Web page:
The Evolving Practice of Cardiovascular Precision Medicine – Live Course Recap
The ACC Health Care Innovation section successfully conducted a live course titled, "The Evolving Practice of Cardiovascular Precision Medicine Virtual," on April 16. I was fortunate to gain complimentary access through a Twitter campaign sponsored by the Health Care Innovation Section's Precision Health Work Group. The half day conference began with its keynote speaker, Clyde Yancy, MD, MSc, MACC, who raised several provocative questions, including "should we treat all black (self-described) patients with heart failure the same?" He continued with an explanation of genetic admixture and how it leads to a great amount of variability in responsiveness to medical therapy. Admixture analysis conducted on patients in the A-HeFT study showed patients with the lowest percentage European ancestry had the greatest responsiveness to the combination medical therapy (in reference to the Class 1 recommendation for African Americans with NYHA Class 3/4 HFrEF to be treated with Isosorbide Dinitrate and Hydralazine). Yancy in his speech proposed, "there may be a more precise way to think about this unique drug responsiveness that goes beyond self-described race and incorporates this phenomenon of genetic admixture." The conference continued with three core sessions: 1) Genomic Medicine in Cardiovascular Disease Prevention and Management; 2) Machine Learning Applications in Cardiovascular Imaging; and 3) Integration of Digital Health Tools for Personalization of Cardiovascular Care.
The first session, Genomic Medicine in Cardiovascular Disease Prevention and Management, started with a primer in genetics—from basics such as defining locus and polymorphisms to different types of mutations. Ultimately, Yancy describes the basics of how a polygenic risk score is calculated. A published example is a combination of the ACC/AHA ASCVD risk score + polygenic risk. To further elaborate on genomic risk prediction, Amit V. Kheram MD, MSc, shared how "DNA is not destiny." Studies have shown that individuals with the same monogenic mutations have varied clinical outcomes based on their polygenic risk. Essentially, a monogenic mutation + low polygenic risk score results in overall risk similar to the general population, whereas a monogenic mutation + high polygenic risk score results in significantly greater risk. Julie A. Johnson, PharmD, also shared her insight into pharmacogenomics specifically regarding patients using the same drug but with varied efficacy. Guidelines are being developed to direct our use of such drugs including Clopidogrel. In her talk on direct to consumer genomics, Amy Curry Sturm, MS, discussed the associated benefits and risks of the latest products and services.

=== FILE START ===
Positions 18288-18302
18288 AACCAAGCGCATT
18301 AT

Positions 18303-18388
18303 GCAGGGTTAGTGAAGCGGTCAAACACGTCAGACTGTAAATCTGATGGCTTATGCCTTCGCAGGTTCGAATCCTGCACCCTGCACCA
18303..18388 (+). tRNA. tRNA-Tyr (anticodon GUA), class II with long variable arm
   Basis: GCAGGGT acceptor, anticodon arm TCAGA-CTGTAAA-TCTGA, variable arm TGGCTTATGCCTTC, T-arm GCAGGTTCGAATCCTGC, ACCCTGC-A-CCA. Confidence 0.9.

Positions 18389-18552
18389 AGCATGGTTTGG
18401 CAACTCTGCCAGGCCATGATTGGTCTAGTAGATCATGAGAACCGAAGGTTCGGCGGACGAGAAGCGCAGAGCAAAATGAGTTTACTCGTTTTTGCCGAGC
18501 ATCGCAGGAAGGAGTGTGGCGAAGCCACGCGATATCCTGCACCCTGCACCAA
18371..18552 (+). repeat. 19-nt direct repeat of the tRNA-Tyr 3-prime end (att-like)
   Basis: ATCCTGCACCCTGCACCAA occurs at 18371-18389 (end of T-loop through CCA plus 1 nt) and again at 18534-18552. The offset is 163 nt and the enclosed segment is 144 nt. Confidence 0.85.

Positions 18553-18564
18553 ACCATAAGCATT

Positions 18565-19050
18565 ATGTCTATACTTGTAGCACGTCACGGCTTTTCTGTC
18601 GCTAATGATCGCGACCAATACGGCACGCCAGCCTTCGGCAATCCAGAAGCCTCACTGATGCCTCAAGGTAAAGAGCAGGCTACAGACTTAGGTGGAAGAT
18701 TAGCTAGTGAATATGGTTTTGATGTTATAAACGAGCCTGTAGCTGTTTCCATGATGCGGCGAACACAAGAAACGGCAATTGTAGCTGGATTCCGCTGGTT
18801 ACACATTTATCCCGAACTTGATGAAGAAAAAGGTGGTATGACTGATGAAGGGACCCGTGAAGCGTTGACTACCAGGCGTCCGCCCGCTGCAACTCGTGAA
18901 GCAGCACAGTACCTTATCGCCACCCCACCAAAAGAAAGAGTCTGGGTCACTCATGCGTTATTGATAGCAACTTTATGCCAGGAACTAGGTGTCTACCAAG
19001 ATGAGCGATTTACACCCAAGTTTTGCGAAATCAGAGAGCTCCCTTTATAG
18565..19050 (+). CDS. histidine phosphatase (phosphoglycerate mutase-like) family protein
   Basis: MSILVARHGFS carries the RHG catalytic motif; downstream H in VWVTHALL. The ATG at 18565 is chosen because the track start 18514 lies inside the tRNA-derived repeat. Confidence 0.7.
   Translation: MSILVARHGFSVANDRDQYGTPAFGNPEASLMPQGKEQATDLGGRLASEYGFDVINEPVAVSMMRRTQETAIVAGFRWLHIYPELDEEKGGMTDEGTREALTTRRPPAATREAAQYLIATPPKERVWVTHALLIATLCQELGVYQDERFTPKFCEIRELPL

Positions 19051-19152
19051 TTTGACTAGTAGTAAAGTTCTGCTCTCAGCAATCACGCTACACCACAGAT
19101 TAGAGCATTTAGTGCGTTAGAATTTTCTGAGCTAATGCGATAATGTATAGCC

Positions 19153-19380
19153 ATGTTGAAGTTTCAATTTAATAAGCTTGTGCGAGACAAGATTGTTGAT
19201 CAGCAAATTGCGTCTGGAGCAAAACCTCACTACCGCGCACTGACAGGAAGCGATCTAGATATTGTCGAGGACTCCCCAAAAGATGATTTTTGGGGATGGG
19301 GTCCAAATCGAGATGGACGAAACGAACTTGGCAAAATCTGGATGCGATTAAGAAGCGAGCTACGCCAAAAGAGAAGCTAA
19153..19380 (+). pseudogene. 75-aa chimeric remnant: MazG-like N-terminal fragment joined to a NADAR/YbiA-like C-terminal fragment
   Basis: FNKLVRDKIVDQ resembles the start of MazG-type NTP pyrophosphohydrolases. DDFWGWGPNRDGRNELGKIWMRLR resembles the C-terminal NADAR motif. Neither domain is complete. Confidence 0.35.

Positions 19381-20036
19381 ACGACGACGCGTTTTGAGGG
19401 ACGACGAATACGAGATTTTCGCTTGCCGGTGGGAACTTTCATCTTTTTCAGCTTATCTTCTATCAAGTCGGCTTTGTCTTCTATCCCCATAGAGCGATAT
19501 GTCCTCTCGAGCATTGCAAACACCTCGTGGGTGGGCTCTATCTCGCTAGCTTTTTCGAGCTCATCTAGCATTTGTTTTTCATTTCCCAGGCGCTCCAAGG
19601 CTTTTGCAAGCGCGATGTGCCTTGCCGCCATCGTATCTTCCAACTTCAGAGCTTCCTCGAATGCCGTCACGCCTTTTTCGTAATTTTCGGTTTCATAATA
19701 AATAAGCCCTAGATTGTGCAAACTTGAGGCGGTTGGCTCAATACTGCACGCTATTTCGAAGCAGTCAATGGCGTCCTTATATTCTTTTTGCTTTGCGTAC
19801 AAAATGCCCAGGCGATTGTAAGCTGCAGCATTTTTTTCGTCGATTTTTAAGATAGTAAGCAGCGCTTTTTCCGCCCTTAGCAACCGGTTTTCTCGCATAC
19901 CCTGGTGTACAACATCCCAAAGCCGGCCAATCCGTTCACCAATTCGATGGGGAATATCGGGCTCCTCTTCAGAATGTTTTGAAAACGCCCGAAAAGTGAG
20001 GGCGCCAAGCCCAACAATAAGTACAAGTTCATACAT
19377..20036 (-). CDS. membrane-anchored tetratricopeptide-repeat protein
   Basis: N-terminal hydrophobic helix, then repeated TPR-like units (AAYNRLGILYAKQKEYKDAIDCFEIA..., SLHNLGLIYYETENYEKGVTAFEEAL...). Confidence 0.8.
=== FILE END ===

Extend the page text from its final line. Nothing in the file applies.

The second session, "Machine Learning Applications in Cardiovascular Imaging," was introduced by Partho Sengupta, MD, FACC. The first speaker, David Ouyang, MD, FACC, shared his answer to "What Is Artificial Intelligence (AI)/Machine Learning (ML) and How Will It Augment Cardiac Imaging?". This was followed by Neil J. Weissman, MD, FACC, who spoke about a prevalent topic: point-of-care ultrasound/echocardiography. He discussed how recent efforts are utilizing AI/ML to facilitate two key factors: acquisition and interpretation. James Min, MD, and Michael Salerno, MD, PhD, MS, then spoke about CT/nuclear and cardiac MRI, in relation to machine learning, respectively.
The third and final session focused on the "Integration of Digital Health Tools for Personalization of Cardiovascular Care" and despite the great work previous speakers shared, I enjoyed this session the most. Eric D. Perakslis, PhD, MS, spoke about real world evidence and digital therapeutics and how vast this arena really is. In her talk on wearable devices, Jacqueline Shreibati, MD, MS, FACC, from Google Health, described how frequently physicians have to appraise new devices as they are developed. It can be challenging to keep up with U.S. Food and Drug Administration regulations and to know what the device is cleared for and what it is being used for. John D. Halamka, MD, MS, then discussed how to integrate remote patient monitoring into clinical practice. Next, Nikki Batista, MEng, walked the audience through steps it takes to bring technologies to market in her talk on the regulatory environment.
Each session was followed by a panel discussion that encouraged audience questions. At the end of the afternoon, Regina Druz, MD, FACC, wrapped up the conference and highlighted key takeaways, including the importance for partnerships and training resources to engage in personalized cardiac care. This live course highlights the exciting potential of precision medicine as it applies to cardiology and the future of clinical practice. It is available on demand, with exclusive bonus content, until July 16.
The article was authored by Abdullah Sarkar, MD.